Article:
Coming up with a novel way to celebrate the Fourth of July is not easy after 240 years, and tweeting the Declaration of Independence, line by line, as National Public Radio did this week, seems as good as any.
But then things got weird. These 1,300 or so words set the founding of our nation in motion — the original Make America Great campaign — but several politically obsessed dimwits saw in them sharp criticism of the guy who’s out to Make America Great Again. They mistook the document that served notice on King George III as fierce criticism of Donald Trump’s presidency.
At least one man accused NPR of inciting a revolution. And what would that revolution look like? Ira Glass exhorting the troops with the Battle Whine of the Republic? Wait Wait . . . Don’t Kill Me?
Most of these people deleted their tweets, and at least one offered a surprisingly nuanced apology. This was the opposite of “I only read the headline” — plunging directly into the middle of a long, dense document and spouting off rather than making any effort to understand what you’re actually looking at.
But while these people might or might not be dolts, it’s not because they can’t identify historical documents from 140-character snippets.
“I Tweeted a VERY dumb comment,” one guy wrote. “But ask yourselves; if read to the average American, would they know that you were reading the [Declaration of Independence]?” For better or worse, this is a fair point.
The Declaration of Independence, viewed without context, is deeply weird — a long screed against an unnamed royal figure, punctuated with unfortunate language regarding indigenous people. At the time, it all made perfect sense, but divorced from its history, it reads like the ravings of a survivalist Natural Man truther, who claims to be unbound by the invisible shackles of society and not subject to our legal system.
“[T]ransporting us beyond Seas to be tried for pretended offences” sounds like something from “Game of Thrones.” Given our political climate, is it any wonder a few people mistook this for an anti-Trump screed?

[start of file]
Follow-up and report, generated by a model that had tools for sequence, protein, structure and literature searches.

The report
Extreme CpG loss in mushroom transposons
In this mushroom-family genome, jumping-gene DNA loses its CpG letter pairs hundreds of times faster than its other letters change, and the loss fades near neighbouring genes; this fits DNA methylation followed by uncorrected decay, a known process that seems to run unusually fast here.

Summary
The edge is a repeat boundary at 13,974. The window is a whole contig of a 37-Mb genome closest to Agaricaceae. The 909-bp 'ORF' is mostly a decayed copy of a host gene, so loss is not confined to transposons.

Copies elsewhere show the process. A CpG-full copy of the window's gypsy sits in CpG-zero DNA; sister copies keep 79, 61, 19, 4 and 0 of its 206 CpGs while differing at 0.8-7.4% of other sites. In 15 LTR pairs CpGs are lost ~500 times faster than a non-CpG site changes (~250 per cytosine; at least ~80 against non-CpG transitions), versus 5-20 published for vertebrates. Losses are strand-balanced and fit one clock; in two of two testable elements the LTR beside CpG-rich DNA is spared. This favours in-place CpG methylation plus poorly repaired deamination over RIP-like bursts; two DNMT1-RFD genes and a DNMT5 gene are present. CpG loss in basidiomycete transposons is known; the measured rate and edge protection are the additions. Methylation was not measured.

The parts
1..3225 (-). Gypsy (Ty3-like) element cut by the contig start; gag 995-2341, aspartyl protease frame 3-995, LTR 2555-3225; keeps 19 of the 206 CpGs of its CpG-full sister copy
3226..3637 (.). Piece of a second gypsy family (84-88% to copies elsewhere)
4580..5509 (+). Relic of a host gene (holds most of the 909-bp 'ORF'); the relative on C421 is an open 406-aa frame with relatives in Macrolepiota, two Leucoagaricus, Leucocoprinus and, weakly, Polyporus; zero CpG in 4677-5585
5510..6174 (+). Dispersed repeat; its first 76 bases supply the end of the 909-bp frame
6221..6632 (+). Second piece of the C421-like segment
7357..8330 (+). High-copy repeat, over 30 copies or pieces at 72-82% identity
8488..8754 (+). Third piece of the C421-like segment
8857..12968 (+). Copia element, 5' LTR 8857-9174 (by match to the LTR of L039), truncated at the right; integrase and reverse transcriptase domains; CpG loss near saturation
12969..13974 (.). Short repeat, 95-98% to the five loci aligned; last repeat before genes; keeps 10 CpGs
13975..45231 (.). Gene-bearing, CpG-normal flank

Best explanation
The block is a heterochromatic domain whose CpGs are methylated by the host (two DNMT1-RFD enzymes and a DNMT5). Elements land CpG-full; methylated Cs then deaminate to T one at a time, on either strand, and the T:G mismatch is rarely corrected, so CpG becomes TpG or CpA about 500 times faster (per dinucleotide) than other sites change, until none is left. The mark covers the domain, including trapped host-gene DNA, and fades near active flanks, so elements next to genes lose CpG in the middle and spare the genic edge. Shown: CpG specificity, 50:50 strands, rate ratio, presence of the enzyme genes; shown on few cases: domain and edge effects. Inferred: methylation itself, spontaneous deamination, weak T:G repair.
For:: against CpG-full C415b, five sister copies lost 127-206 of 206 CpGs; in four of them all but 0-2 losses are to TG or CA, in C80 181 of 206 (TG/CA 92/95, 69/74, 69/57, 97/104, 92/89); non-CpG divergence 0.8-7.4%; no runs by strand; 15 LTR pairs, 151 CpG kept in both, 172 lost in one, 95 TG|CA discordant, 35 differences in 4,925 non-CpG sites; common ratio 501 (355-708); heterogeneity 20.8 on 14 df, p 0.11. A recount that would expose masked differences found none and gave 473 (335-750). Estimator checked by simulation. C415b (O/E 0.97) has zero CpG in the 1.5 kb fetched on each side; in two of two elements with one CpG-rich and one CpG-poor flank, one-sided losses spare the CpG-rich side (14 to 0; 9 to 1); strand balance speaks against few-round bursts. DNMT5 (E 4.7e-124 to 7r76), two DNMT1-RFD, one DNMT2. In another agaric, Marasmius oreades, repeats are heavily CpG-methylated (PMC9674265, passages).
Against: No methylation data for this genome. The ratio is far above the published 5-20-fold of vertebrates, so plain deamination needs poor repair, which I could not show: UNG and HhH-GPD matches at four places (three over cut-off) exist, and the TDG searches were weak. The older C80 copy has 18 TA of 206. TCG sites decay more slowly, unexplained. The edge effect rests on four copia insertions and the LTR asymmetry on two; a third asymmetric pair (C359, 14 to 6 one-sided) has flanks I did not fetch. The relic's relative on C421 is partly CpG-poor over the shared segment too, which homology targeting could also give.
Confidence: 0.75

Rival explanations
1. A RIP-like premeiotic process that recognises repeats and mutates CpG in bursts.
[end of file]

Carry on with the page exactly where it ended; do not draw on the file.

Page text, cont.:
Even the Constitution has its unhinged moments. The foundational argument in favor of American democracy at times also appears to be a pretty good argument against editing by committee. Article V is a 143-word sentence that is apparently capitalized at random and punctuated with a fire hose that sprays commas. And though it’s not exactly obvious to the naked eye, it includes a clause protecting the slave trade. The New Yorker, in 2013, declared it “the weirdest sentence in the U.S. Constitution.”
But it has some competition. Section 10 Article I says, “No State shall . . . make any Thing but gold and silver Coin a Tender in Payment of Debts,” which is bad news if you pay your property taxes online.
Article II of the Massachusetts constitution begins with an open demand that we all worship God: “It is the right as well as the duty of all men in society, publicly, and at stated seasons to worship the Supreme Being, the great Creator and Preserver of the universe.” If Mike Huckabee tweeted that verbatim, how hard would he get trolled by the other side of the political aisle?
“Anybody who’s pointing the finger that somebody might not know the Declaration of Independence, if you gave them a quiz, I don’t think they’d do particularly well,” said Jay Wexler, a professor at Boston University School of Law and the author of “The Odd Clauses: Understanding the Constitution Through Ten of its Most Curious Provisions.” Every time a news event — emoluments, the debt ceiling — results in the general public happening upon a heretofore-ignored section of the Constitution, his phone starts ringing.
People know bits and pieces of the Declaration and the Constitution, Wexler said, “but the rest of it? There are some really seemingly strange sentences. . . . It’s not always artfully drafted.”
He pointed to a line in the Declaration: “He has erected a multitude of New Offices, and sent hither swarms of Officers to harass our people and eat out their substance.”
Their what now?
This is no shot at the founding fathers. They certainly had their faults, but imagine what kind of unhinged nonsense would find its way into the constitution if we were writing it from scratch now. Can you say with any confidence that our most serious scholars and sophisticated policy minds would emerge as central figures in such a process?
Louisiana Representative Clay Higgins posted a bizarre, five-minute “tour” of Auschwitz on YouTube that resembles history’s least appropriate Johnny Cash video. His takeaway from the Holocaust — the Holocaust — appears to be that government should aspire to limitless military power. One leader involved in World War II did harbor those aspirations, but he’s the guy who built the camp Higgins was weirdly defiling.
No, today such an effort would surely devolve almost immediately into a shouting contest, and an alarming amount of the resulting document would be devoted to abortion and gay marriage and hydrofracking and bike lanes. The Second Amendment would be 4,000 pages long and include innumerable schematic diagrams of cutting-edge firearms.
“I shudder to think about what we’d come up with today, if we had a constitutional convention,” Wexler said.
By comparison, our original founding documents are a model of restraint and coherence. Might be worth giving them a read.